There are new Privacy Shield principles because the final Privacy Shield was approved by the US and EU delegations on the 12 July 2016. This is an extremely important development in the area of digital commerce and has a far reaching impact for anyone involved in the transfer of personal data between the EU and US. This new Privacy Shield will take the place of the old Safe Harbor agreement and brings with it new Privacy Shield principles issues by the U.S. Department of Commerce.
What is the Privacy Shield?
The Privacy Shield is not an international agreement, treaty or law. It’s a voluntary set of privacy principles that US companies can publicly commit to follow. The privacy principles consist of robust monitoring mechanisms, enforcement and accountability.
In essence, the Safe Harbor agreement was declared invalid because the EU governments could not guarantee the safe transport of EU citizens’ data to the US and that it was free from interference by national intelligence agencies. The Privacy Shield addresses these concerns with the GDPR requirements in mind in order to facilitate safe transport of personal data between the EU and US.
The Privacy Shield is the new Safe Harbor agreement
The Privacy Shield Principles
- New obligations for handling and onward transfers
- One of the most important Privacy Shield principles is that a company may only keep data for as long as it serves the purpose that it was collected.
- Signing up to the Privacy Shield principles and participating in the agreement is now a wholly transparent process. The process has effective supervision mechanisms so if companies do not comply with the Privacy Shield principles they will face sanctions and removal from the Privacy Shield list. This could lead to severe reputational damage for companies.
- In terms of onward transfers, if a company signs up to the Privacy Shield principles then they must provide the same level of protection for any onward transfers of personal data.
- If the onward transfer is being handled by a third party, that third party must inform the Privacy Shield company when it is no longer able to ensure the appropriate level of data protection. The Privacy Shield company will have to take appropriate measures to ensure the appropriate level of protection. This is a higher level of accountability than what was required by the Safe Harbor agreement.
- Restrictions on US government access to personal data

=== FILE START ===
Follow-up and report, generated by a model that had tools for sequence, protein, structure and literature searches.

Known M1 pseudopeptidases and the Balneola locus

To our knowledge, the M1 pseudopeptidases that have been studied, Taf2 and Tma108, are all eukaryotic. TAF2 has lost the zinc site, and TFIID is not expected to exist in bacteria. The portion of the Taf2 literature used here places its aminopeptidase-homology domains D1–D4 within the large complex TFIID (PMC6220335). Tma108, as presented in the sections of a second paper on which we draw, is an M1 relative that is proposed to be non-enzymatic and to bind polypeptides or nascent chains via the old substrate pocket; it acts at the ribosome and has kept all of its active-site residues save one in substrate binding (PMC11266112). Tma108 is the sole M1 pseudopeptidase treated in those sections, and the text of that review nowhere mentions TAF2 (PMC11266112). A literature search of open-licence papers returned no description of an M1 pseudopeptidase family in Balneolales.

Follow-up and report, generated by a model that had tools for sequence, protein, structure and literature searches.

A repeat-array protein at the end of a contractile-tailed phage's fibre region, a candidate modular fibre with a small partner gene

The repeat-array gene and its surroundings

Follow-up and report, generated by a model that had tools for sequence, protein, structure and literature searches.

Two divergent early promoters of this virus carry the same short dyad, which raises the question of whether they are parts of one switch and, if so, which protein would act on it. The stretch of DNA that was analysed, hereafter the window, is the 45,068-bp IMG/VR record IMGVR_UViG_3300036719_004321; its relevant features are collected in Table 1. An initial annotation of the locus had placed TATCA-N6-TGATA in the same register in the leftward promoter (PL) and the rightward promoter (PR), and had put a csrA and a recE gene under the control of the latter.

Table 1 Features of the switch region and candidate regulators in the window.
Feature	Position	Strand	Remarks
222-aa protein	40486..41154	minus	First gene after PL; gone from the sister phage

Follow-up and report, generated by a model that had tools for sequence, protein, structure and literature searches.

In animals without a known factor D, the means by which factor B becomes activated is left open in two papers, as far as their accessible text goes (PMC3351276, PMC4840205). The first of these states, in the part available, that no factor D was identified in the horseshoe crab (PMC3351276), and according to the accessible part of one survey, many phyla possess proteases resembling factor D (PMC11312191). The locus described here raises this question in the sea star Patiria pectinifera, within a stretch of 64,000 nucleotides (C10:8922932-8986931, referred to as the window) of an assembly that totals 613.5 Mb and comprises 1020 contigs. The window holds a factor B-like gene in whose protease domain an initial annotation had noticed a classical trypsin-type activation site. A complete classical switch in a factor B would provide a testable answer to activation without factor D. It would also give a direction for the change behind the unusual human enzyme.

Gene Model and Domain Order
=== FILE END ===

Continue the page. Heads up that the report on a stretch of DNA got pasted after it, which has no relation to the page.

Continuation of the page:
- The US Director of National Intelligence has made a written commitment stating that there will not be indiscriminate mass surveillance on data transferred under the Privacy Shield.
- Bulk collection of data can only be used based on specific preconditions. In order to ensure compliance and deal with complaints, the Privacy Shield establishes an ombud who is entirely independent from national security agencies.
- If there is a complaint from an individual the role of the ombud will be to tell the individual if the entity in question has complied with the laws. If the entity has not complied with the laws, the ombudsman must ensure compliance.
- New dispute resolution mechanisms
- Any citizen who considers that their data has been misused under the Privacy Shield scheme will benefit from several accessible and affordable dispute resolution mechanisms, including alternative dispute resolution.
- Individuals can complain to the EU Data Protection Authorities who will channel complaints to the US Department of Commerce and Federal Trade Commission and pursue those complaints to ensure they get investigated and resolved.
- Including in these redress mechanisms, there will also be an annual joint review mechanism with stakeholders on both sides of the Atlantic.
Why should companies register for the Privacy Shield?
Companies should sign-up to the Privacy Shield principles because it facilitates a strong, durable and reasonable framework for digital transfers across the Atlantic. Furthermore, the Privacy Shield has been designed to be flexible and accommodate the rapid changes in the digital economy.
The effective date for the Privacy Shield is 1 August 2016. Companies who register within the first 2 months of the effective date will have 9 months from their date of certification to bring contracts into compliance.
We’ve read the Privacy Shield principles so you don’t have to and created this summary. If you would like to know more about the Privacy Shield principles and how they affect your business then contact us.